$2 million be made available for programs to protect biodiversity and indigenous
reserves in Colombia. The bill provided authority to support a unified campaign
against narcotics trafficking and terrorist activities, as provided in previous
legislation. This authority shall end if the Secretary of State has credible evidence
that the Colombian military is not conducting vigorous operations to restore
government authority and respect for human rights in areas under the control of
illegally armed groups.
The Senate also included a number of reporting requirements similar to previous
years. The Secretary of State, in consultation with the Administrator of USAID, is
required to submit a report not later than 45 days after enactment on the proposed
uses of all funds on a country-by-country basis. The Secretary of State must also
certify to Congress that the herbicide mixture used in aerial fumigation programs is
being used in accordance with EPA requirements for comparable use in the United
States and with Colombian law, and that the herbicide mixture does not pose
unreasonable risks to humans or the environment. This certification must be
provided in order to release 20% of the funds used for the procurement of chemicals.
The remaining 80% may be spent without a certification.
The bill required that no funds may be made available for aerial fumigation
unless the Secretary of State certifies that complaints of harm to health or licit crops
caused by fumigation are evaluated and fair compensation is being paid for
meritorious claims. In addition, the bill required that these funds may not be spent
unless programs are being implement by USAID, the government of Colombia, or
other organizations, in consultation with local communities, to provide alternative
sources of income in areas where security permits for small-acreage growers of illicit
crops. The Secretary of State is also required to certify that the aerial fumigation in
Colombia’s national parks or reserves is in accordance with Colombian laws and that
there are no effective alternatives to reduce illicit cultivation in these areas.
The bill continued a prohibition on any U.S. military or civilian contract
personnel from participating in any combat operations. Similarly, if any helicopters
procured with funds provided in the bill are used to aid or abet the operations of any
self-defense group, the helicopters must be returned to the United States. With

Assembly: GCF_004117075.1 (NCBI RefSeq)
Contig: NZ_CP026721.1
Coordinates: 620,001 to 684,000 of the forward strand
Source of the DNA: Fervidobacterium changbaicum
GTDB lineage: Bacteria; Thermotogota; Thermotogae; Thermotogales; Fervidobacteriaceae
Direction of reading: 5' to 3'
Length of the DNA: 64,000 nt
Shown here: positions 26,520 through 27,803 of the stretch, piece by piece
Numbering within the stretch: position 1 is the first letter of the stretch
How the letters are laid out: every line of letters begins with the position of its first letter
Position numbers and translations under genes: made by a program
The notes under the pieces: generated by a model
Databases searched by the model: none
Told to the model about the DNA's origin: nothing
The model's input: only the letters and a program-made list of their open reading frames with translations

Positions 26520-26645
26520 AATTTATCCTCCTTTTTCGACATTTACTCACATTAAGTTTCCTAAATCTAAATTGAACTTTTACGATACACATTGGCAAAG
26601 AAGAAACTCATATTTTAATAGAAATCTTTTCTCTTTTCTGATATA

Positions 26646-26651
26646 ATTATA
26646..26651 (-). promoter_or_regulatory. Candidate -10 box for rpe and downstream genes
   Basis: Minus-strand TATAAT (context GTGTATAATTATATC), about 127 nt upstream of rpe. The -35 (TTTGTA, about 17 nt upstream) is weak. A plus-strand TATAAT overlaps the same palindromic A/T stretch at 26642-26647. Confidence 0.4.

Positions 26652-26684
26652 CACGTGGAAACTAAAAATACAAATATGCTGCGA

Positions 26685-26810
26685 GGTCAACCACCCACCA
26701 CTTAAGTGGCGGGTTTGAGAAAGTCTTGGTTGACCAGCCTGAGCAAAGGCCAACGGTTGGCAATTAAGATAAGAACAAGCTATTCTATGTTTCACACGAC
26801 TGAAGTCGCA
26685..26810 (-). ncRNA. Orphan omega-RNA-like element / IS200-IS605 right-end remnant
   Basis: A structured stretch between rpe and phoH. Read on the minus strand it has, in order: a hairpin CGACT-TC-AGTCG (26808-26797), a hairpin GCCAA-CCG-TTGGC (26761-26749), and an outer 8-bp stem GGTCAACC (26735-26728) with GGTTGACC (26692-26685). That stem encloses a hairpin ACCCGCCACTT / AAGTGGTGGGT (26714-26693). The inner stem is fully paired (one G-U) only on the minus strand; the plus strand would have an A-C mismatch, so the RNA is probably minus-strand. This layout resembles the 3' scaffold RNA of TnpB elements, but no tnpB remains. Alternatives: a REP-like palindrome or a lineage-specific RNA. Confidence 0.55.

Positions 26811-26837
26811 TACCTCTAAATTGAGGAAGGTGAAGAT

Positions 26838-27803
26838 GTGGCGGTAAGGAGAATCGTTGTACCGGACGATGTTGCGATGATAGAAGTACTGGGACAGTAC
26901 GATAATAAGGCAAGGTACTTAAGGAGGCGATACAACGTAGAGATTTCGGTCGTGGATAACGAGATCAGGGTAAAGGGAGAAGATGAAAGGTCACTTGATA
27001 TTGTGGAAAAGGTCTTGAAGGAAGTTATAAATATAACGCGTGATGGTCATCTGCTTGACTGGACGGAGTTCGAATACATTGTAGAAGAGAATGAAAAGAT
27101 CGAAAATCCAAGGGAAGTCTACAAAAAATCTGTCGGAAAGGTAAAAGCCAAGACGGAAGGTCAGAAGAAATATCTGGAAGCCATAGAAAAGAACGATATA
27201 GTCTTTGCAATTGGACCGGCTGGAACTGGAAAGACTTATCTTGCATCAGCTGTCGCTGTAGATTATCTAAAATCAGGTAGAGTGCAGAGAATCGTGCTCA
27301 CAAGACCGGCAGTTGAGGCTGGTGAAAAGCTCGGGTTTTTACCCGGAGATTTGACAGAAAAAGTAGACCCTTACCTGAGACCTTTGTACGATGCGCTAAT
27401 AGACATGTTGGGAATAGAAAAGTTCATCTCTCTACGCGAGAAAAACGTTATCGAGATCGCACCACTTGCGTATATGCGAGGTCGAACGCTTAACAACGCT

regard to the AUC demobilization process in Colombia, the bill provided that funds
may be made available to support the process only if the Secretary of State certifies
that 1) the Colombian legal framework governing the process provides for
prosecution and punishment in proportion to the crimes committed, of those
responsible for gross violations of human rights and drug trafficking; 2) the
Colombian government is taking actions to ensure the dismantling of the underlying
structures fo such groups; 3) the Colombian government is taking actions to enable
the return of civilians forcibly displaced by such groups, and 4) the United States may
continue to extradite Colombian citizens in accordance with existing extradition
The bill maintained current law with regard to the Secretary of State certifying
that the Colombian government is taking actions to respect human rights and to
prosecute violations. It also continued the general prohibition on U.S. assistance to
any units of security forces that are credibly alleged to have committed gross
violations of human rights. Further, it prohibited the issuance of visas to any alien
suspected of providing support to any of Colombia’s illegally armed groups.
Assistance to the Bolivian military and police forces was conditioned on their
respect for human rights and cooperation with civilian judicial authorities, and the
Bolivian government’s efforts to prosecute and punish those responsible for
violations of human rights.
Foreign Operations Conference Report. H.R. 4818, the FY2005 Foreign
Operations Act, became the base bill for the Consolidated Appropriations Act,
FY2005, that was passed by both the House and Senate on November 20, 2004 (P.L.
108-447). The conference agreement provides $731 million for the Andean
Counterdrug Initiative and specifies that $264.6 million of this amount is for
alternative development and institution-building programs. It further directs that of
the amounts for alternative development and institution-building programs, USAID
is to receive $237 million, including $125.7 million for programs in Colombia. The
agreement includes a 0.83% rescission for FY2005 appropriations.
The conference report maintains current law with regard to support for a unified
campaign, the use of U.S. funded helicopters, and prohibiting U.S. personnel from
combat. It continues to condition funding on a certification on human rights from the
Secretary of State, and funding for aerial fumigation on a certification from the
Secretary of State. As in FY2004, it requires that funds for aerial fumigation cannot
be spent unless programs are being implemented to provide alternative sources of
income for growers. It maintains the Leahy amendment on security forces and
prohibits visas to anyone suspected of aiding Colombia’s illegally armed groups. It
also requires a 30-day notification before resuming an Air Bridge Denial program in
Peru. The Secretary of State is required to submit a report on the proposed use of
funds on a country-by-country basis. It allows assistance to the Bolivian military and
police only if they are respecting human rights and cooperating with investigations